John Colson: Diving into the Delta on two wheels
Hit & Run
I’m taking a break this week and next, hoping that by ignoring national and regional politics for a while I can restore some version of sanity to my overheated mind.
As I write this, I am headed for the belly of the American Blues beast — the Mississippi Delta region north of New Orleans, most generally described as between Vicksburg, Mississippi, and Memphis.
Specifically, I’m bound for the small city of Clarksdale, Mississippi, set like a tarnished pearl in the northeast corner of the state, not far from the Mighty Mississippi itself.
As you read this, I will have arrived, spent the night in a renovated sharecropper’s shack, and be firmly ensconced in the glory of the Delta country.
Clarksdale, for those who are wondering, is said by some to be the locale of the famous Crossroads, a junction of highways 61 and 49 where blues legend Robert Leroy Johnson met the devil (another candidate for the Crossroads site is nearby Rosedale, but that’s another story).
Anyway, in return for lessons in how to play a wicked blues guitar, Robert Johnson reportedly gave up his soul and locked himself into eternity in Hell after he died in 1938 in Greenwood, Mississippi (just down the road from Clarksdale, by the way).
But boy howdy, while he was on the Earth, he sure put out a masterful, though relatively small, collection of blues classics which influenced innumerable blues and rock legends in the succeeding decades.
I’ve always wanted to check out the Crossroads, but wasn’t until a longtime buddy from Carbondale relocated to Mississippi, where he had some family ties, that it became possible.
My buddy got back into his roots and, with some partners, scooped up a dilapidated old cotton plantation and got to work fixing it up.
It wasn’t long before the news began to spread that the ShackUp Inn, my buddy’s place, was open and gathering fans from all over the region.
After he and his partners started an annual spring blues festival, the regional attraction went international, and I’m here to check out the scene.
Anyway, here I sit on a seat at the back of a United Airlines (groan!) A320 made by Airbus (I made sure to check that I wasn’t going to be flying a Boeing 737 Max), flying to New Orleans to hook up with another old friend for a motorcycle tour of the landscape between NOLA (as many call it down here) and Clarksdale.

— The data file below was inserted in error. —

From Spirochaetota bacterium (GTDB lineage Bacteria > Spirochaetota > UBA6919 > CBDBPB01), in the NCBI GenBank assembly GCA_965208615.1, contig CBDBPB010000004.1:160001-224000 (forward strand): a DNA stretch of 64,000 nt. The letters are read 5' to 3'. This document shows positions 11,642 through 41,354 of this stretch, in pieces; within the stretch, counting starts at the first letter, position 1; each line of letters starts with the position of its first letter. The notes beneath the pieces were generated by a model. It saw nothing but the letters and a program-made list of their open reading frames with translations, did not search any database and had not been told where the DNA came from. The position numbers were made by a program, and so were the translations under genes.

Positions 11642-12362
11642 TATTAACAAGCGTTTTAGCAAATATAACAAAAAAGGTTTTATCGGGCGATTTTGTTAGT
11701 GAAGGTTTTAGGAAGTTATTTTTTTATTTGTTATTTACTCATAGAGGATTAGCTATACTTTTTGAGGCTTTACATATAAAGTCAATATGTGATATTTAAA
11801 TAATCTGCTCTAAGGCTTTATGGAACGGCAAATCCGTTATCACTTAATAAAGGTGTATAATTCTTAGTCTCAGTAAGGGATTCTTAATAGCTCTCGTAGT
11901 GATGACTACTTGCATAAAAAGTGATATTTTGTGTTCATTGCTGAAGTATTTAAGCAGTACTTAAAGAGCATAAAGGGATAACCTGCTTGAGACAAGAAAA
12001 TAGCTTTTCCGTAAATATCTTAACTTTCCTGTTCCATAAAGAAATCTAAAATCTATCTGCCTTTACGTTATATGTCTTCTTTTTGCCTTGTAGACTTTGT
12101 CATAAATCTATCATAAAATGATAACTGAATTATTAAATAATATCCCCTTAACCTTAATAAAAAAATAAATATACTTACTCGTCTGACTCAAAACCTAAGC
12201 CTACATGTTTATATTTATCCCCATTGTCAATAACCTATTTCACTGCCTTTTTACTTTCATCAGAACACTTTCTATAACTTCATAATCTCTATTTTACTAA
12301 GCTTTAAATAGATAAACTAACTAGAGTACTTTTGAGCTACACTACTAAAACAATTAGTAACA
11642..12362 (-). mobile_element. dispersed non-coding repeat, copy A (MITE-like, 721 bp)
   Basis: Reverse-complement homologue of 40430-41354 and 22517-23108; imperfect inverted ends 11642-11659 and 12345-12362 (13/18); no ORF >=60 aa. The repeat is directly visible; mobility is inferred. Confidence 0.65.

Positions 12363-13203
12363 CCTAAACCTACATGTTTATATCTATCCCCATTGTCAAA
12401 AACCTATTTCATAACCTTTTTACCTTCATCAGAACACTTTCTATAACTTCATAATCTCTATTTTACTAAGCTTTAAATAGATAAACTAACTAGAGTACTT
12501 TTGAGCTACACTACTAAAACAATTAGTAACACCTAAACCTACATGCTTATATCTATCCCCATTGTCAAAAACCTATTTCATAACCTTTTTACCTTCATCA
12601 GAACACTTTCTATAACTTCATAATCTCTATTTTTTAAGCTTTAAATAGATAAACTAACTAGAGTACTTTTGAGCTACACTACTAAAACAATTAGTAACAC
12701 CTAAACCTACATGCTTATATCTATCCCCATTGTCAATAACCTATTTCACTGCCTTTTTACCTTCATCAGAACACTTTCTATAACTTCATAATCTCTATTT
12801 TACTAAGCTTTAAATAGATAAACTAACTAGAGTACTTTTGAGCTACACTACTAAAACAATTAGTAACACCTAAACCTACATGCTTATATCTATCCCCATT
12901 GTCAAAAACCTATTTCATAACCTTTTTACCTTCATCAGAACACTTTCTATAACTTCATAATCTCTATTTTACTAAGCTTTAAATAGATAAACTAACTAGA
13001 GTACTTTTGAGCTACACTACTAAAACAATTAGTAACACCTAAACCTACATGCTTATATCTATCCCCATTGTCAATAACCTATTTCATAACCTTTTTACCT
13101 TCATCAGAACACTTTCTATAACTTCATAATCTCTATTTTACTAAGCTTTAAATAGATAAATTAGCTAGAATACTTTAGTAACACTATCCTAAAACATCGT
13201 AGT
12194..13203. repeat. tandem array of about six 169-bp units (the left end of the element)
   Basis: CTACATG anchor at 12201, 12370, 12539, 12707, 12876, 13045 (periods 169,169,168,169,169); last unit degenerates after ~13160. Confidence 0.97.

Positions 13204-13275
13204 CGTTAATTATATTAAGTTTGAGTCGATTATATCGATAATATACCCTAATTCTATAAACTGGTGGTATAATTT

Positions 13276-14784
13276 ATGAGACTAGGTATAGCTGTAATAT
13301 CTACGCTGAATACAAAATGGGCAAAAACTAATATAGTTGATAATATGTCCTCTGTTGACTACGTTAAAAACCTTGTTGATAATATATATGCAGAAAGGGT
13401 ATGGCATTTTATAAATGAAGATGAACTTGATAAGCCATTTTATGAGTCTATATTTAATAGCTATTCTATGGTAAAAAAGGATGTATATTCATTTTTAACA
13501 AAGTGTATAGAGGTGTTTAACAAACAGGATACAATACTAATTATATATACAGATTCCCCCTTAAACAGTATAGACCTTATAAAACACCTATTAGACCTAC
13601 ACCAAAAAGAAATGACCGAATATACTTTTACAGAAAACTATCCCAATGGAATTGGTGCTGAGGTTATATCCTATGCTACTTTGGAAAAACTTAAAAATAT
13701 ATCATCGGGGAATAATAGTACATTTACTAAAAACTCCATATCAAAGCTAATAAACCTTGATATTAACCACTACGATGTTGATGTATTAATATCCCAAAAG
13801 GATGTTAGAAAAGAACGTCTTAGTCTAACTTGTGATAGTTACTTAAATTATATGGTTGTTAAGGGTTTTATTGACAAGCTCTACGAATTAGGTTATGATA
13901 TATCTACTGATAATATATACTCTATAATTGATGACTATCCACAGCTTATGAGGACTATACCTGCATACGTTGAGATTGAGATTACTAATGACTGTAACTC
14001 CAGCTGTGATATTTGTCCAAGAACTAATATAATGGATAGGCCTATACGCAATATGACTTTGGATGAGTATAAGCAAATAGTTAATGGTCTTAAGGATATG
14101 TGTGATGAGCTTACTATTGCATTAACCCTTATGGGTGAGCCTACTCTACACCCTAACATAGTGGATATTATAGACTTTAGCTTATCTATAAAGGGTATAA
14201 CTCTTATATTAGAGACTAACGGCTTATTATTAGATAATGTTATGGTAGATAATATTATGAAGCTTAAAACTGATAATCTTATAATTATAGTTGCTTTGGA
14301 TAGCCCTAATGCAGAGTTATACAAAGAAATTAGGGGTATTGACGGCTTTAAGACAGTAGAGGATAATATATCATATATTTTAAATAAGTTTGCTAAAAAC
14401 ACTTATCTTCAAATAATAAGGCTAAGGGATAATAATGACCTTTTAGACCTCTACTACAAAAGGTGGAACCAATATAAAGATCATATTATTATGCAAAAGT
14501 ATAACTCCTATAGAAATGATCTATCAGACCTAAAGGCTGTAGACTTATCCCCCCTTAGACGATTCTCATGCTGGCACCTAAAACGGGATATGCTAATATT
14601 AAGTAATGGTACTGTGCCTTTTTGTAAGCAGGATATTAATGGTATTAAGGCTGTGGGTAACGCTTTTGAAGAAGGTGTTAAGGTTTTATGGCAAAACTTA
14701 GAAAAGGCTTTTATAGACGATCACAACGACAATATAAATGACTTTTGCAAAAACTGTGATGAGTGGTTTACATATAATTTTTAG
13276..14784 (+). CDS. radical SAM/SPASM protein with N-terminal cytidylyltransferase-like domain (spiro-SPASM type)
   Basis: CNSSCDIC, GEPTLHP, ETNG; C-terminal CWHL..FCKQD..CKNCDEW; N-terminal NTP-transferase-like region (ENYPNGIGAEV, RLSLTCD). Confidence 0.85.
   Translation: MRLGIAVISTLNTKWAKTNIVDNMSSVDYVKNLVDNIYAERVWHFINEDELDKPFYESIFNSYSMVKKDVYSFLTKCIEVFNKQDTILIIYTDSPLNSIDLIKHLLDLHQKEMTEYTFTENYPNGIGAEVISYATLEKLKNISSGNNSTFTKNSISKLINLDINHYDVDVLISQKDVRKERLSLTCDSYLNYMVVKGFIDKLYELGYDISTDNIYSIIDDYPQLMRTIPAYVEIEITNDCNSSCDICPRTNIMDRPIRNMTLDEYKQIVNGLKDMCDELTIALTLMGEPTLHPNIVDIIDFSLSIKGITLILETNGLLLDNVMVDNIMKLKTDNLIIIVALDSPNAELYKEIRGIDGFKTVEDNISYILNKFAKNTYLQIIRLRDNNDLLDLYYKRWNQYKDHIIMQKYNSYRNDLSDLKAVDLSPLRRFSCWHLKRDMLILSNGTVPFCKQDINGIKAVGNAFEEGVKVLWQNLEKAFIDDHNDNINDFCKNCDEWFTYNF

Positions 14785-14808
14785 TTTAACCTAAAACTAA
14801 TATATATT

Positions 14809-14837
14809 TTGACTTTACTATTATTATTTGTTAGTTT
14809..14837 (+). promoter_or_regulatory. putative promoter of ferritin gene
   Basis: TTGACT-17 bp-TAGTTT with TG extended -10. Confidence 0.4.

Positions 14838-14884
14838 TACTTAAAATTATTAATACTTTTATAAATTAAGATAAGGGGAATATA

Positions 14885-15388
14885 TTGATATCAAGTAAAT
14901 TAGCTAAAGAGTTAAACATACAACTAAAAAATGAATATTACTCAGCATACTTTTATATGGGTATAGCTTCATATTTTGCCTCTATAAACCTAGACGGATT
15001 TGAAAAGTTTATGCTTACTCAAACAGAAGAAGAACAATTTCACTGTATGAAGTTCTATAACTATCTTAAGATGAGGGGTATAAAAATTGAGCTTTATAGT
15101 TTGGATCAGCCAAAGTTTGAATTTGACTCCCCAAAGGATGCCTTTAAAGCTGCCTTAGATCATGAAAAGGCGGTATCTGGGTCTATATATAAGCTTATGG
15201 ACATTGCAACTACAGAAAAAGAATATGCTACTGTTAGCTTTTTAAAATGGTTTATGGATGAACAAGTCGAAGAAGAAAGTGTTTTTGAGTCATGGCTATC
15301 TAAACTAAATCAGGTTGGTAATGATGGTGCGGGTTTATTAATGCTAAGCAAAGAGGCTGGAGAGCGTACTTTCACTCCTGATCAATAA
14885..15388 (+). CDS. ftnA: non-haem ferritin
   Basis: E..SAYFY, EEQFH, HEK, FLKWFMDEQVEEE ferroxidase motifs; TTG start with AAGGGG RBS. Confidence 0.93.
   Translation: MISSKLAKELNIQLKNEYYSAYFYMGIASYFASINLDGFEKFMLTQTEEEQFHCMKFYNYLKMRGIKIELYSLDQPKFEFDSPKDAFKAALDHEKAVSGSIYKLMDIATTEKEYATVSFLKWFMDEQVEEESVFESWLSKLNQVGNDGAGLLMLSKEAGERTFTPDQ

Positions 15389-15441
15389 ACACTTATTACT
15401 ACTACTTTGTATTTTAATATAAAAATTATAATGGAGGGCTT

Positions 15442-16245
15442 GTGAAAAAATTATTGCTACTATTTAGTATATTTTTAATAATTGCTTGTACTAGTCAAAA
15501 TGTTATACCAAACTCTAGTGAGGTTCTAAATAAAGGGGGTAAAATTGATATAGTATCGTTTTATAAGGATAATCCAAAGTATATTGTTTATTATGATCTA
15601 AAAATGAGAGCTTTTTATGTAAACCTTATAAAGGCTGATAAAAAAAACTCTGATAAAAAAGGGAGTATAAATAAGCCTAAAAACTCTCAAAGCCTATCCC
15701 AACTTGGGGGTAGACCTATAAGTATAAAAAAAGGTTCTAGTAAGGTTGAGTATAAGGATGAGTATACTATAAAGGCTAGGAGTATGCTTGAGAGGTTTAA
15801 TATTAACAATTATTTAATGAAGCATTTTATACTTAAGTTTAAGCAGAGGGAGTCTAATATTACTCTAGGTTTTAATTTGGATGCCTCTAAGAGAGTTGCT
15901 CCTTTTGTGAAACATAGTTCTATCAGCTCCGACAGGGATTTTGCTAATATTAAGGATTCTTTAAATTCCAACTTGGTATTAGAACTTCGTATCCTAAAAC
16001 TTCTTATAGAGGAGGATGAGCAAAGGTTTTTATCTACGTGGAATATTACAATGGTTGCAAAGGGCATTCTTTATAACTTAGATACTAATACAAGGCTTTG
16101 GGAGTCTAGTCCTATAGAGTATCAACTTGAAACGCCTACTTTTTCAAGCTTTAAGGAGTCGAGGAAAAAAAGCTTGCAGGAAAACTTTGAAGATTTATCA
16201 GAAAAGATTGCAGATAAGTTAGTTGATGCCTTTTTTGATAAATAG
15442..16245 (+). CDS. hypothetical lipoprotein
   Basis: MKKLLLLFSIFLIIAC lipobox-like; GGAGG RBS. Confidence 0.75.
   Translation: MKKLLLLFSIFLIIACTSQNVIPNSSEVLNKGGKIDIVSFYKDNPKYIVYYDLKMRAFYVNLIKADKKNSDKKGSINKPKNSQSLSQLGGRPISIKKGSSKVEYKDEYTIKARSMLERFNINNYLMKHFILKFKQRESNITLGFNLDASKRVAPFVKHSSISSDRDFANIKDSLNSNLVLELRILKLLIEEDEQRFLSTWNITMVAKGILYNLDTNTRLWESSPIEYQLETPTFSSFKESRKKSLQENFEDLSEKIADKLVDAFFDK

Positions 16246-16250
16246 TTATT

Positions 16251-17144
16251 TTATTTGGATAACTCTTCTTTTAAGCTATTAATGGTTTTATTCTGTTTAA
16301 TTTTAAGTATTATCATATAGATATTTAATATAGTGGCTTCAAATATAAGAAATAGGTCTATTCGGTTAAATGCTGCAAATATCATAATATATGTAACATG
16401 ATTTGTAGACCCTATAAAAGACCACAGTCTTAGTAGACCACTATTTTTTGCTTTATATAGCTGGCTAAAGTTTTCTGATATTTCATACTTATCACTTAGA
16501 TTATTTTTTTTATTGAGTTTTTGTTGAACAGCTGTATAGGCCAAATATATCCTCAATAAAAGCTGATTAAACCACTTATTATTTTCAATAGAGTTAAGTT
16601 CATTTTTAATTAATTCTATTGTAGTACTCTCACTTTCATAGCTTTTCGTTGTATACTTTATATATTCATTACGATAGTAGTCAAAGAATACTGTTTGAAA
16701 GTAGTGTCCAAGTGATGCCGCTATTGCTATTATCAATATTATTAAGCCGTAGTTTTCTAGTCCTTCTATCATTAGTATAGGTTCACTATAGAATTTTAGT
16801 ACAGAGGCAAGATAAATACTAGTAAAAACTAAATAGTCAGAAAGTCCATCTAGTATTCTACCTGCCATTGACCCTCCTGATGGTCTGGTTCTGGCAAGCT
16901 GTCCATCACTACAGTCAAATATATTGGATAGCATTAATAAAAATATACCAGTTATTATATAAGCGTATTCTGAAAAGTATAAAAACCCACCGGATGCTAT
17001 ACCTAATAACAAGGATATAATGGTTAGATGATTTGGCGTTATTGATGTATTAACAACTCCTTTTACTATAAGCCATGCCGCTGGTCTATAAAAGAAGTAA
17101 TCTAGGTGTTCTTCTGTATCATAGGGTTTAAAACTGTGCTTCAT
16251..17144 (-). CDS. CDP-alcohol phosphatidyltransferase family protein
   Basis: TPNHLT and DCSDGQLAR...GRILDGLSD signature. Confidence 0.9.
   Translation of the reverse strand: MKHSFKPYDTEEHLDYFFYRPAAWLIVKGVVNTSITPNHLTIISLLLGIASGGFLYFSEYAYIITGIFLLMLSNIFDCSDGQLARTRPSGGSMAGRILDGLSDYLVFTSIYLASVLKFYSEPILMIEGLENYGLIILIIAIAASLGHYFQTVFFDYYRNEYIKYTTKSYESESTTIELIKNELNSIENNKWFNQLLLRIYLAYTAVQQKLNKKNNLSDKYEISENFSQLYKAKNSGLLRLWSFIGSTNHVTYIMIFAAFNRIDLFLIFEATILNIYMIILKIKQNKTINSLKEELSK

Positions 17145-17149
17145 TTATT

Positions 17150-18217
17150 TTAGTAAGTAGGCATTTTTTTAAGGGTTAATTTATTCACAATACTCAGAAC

My old friend, Kent, has a 1996 BMW motorcycle, and under normal circumstance I would be riding my trusty Moto Guzzi, an Italian machine of about the same vintage that is much like a Beemer, but different.
But it’s still winter on the Western Slope of the Colorado Rockies (contrary to locals’ perception, driven by rising temperatures in the valleys) and riding my bike eastward to the plains would involve considerable risk of a blizzard or some other unfortunate weather phenomenon.
Instead, I’m renting a Harley Davidson at a place in NOLA, and riding that machine around Louisiana and Mississippi, in a kind of non-tragic tribute to Wyatt and Billy of “Easy Rider” fame.
I’ve never ridden a Harley, but always wanted to give it a try, so this is kind of a “bucket list” thing.
Friends who have been riding Harleys for years, of course, have warned me that I’m doomed, and once I’ve tried a Hog I’ll never go back to the old Italian Stallion.
They’re wrong for so many reasons I can’t even begin listing them, but they insist on holding on to their dreams.
With Kent and my nephew from San Francisco, we’ll hang at Clarksdale for several days and nights until the nephew departs for Natches, Mississippi, and Kent and I wander southeastward to find the fabled white sand beaches of the Florida Panhandle, or perhaps not. At least, that’s the nugget of our plan at this point, but you know what they say about the best-laid plans of mice and men.
At some point, we’ll all end up back in NOLA — the nephew for a bachelor party (he’s getting married in June), and Kent and I for, uh, whatever.
Among other things, I hope to check out the regional governments’ current plans for dealing with monstrous flows of water from the skies and from the riverine delta country.
Even before leaving Colorado, I had been hearing stories about deluge-like conditions throughout the Delta thanks to a series of monstrous rain and thunderstorms pulling moisture up from the Gulf and spawning floods and other woes.
As attentive readers will recall, it was not quite 15 years ago that a pair of storms — Katrina and Rita — delivered a deadly blow to New Orleans and the Gulf Coast area, made even worse by a combination of human error, institutional racism and corrupt government policies.
This year, the region is once again the target of storms and flooding that very well might have made old Noah decide there was no use building an Ark, after all.
Not the best time to pick for a motorcycle tour of the region, I know, but the plans were made long ago and we had no idea what the weather might ultimately throw at us.
What all this means is that I’m once again on a quest to acquaint myself with bits of Americana I’ve never encountered before, in places I’ve never seen, and in the company of a rolling caravan of friends and strangers alike.
It feels like a homecoming to me.
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“If I was moving through the herd, the others would begin walking away, some of them at a jog, taking their calves with them, but the big brown ungulate would face me sideways, reluctant to move, not wanting to give any ground,” writes Tony Vagneur.